Let your food be your medicine, and your medicine be your food. ...Hippocrates
Aging is an irreversible phenomenon for all living organisms. With aging, cell division and replacement of dead or damaged cells slows down. Cell death, mutation or damage is partly caused by the free radicals that our body constantly produces, hence the conception of the free radical theory of aging. Increased cellular and DNA damage or mutation, as we age, eventually results in various age-related diseases such as cancer, cardiovascular heart disease, brain damage and Alzheimer’s disease. Most of the diseases—as result of cell and molecular damage—manifested with aging are caused by free radicals and nutrient deficiency.
Genetics is one factor that determines aging process and our health condition. Nevertheless, nutrition, lifestyle, and other factors also determine how healthy the aging process can be. Making our diet rich in fresh vegetables, fruits, and whole grain foods and daily adequate physical exercise are natural and potent anti-aging therapy.
Antioxidants are natural scavengers of free radicals, known to cause cellular damage and consequent age-related medical disorders (including wrinkling of skin). Antioxidants' anti-aging benefit is due to their anti-inflammatory effect, delay or prevention of cancer, diabetes, and brain disorders. Antioxidants also have the potential to lower blood pressure and reduce development of atherosclerosis. Antioxidant rich foods are also suggested for diabetic patients to help relieve the oxidative stress caused by increased free-radicals synthesis.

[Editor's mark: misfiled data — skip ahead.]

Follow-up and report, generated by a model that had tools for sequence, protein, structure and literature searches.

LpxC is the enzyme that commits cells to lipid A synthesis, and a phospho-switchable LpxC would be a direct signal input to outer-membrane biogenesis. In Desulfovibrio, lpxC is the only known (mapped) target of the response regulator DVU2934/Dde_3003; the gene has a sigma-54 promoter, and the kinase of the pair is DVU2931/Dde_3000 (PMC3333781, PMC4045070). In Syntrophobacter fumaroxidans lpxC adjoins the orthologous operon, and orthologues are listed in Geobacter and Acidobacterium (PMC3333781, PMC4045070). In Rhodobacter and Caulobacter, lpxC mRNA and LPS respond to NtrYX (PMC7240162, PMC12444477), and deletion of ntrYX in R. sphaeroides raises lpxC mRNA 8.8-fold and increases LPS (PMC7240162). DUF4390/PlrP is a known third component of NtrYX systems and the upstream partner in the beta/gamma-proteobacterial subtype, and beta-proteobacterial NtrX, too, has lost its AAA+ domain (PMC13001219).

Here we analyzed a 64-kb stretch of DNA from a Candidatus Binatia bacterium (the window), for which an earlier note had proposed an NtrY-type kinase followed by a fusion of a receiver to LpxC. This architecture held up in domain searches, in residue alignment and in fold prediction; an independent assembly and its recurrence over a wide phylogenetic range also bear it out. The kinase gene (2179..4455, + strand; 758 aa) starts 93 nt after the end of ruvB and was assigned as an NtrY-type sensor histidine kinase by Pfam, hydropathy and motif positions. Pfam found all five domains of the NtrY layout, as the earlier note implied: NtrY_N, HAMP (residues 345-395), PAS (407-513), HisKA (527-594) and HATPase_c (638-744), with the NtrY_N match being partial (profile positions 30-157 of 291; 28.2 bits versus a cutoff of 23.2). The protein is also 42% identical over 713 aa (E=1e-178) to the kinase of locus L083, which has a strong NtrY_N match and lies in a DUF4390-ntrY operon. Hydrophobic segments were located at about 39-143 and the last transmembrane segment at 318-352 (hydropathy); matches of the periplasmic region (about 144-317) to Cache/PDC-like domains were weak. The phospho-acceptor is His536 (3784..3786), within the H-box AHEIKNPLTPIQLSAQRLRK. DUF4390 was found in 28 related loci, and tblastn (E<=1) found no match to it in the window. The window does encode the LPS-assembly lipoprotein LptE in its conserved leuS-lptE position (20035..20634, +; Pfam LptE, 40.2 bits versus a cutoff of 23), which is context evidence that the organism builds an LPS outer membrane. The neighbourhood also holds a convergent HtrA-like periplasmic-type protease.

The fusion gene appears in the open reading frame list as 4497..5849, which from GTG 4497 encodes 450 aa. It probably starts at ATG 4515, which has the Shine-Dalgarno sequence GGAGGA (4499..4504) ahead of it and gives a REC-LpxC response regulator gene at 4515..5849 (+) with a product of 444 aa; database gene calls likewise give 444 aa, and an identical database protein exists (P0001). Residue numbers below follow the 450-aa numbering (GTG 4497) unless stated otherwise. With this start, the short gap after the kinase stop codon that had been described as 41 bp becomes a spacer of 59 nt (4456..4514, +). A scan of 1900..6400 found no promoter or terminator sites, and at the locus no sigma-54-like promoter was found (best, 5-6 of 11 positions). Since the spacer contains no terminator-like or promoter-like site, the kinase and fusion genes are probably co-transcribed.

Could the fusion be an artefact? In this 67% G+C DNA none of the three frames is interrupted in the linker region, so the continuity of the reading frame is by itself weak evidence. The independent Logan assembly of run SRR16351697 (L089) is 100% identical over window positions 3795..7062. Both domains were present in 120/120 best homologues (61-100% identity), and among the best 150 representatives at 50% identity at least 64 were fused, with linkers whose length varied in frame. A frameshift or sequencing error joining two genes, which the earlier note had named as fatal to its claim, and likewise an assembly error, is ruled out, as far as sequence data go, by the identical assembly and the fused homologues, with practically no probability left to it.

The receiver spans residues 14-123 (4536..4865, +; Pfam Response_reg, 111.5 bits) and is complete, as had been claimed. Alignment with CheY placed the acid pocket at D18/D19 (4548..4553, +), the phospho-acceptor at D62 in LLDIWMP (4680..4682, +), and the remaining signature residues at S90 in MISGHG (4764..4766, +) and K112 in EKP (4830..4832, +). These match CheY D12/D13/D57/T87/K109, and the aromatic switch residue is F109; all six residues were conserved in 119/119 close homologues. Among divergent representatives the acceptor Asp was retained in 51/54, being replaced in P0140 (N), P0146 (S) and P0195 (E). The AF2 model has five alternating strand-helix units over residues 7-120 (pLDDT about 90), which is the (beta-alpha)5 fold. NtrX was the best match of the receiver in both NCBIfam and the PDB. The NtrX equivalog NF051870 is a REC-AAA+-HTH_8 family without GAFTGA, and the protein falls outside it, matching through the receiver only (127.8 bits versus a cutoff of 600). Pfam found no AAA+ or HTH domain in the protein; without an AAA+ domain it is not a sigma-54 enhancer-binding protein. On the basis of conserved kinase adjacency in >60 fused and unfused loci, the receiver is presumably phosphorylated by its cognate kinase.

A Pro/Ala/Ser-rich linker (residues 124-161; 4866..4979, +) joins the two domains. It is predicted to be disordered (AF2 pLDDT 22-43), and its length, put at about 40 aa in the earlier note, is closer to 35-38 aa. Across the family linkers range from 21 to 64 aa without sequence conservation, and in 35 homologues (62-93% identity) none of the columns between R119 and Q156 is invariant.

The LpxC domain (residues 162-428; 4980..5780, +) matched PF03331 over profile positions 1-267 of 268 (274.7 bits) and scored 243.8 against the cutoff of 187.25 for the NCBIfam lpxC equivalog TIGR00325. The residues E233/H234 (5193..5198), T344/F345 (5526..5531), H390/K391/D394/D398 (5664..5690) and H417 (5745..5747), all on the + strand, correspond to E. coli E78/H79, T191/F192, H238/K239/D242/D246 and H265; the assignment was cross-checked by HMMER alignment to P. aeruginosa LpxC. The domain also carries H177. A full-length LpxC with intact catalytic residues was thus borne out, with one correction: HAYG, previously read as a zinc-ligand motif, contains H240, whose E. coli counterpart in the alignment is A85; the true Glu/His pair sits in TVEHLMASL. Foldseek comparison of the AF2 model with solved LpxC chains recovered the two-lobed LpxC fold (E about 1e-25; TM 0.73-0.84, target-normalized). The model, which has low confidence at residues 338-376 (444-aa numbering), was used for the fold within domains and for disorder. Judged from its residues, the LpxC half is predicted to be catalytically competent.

Antioxidants have greater anti-inflammatory and anticarcinogenic effect and the resultant anti-aging effect, when they are consumed in their natural food source than individual antioxidant elements. Foodstuffs contain a plethora of antioxidant and other phytochemicals that are not present in a single supplement pill. Besides, a combination of variety of antioxidants has a synergetic effect. A variety of antioxidants can be obtained naturally from fruits, vegetables, herbs, teas, legumes and whole grain cereals.
Below is a short list of natural antioxidant food sources and the potent antioxidant nutrients they contain.
Garlic: is rich in antioxidant vitamin A and C, selenium and sulfhydryl compounds.
Tomato: is rich in antioxidants such as lycopene, vitamin E and C, beta-carotene (vitamin A precursor).
Ginkgo Biloba: rich in flavonoids, and terpenoids (gincolides A, B, and C).
Ginger: good source of phenolic compounds (6-gingerol, zingerone). Ginger root containds about 50 types of antioxidants.
Green tea: rich in catechins, vitamin E (tocopherols), gallic acid, carotenoids, and vitamin C. Some studies suggest that green tea has higher antioxidant activity against certain free radicals (peroxyl radicals)than vegetables suchs garlic and spinach. Animal and cell culture studies indicate that green tea, partly by its antioxidant activity, reduces the risk of skin, lung, stomach, liver, kidney, prostate, ovarian and breast cancers. The National Cancer Institute is reportedly evaluating grean tea for its potential cancer-chemopreventive use.
Our body can also synthesize antioxidant enzymes, namely, superoxide dismutase and methionine reductase.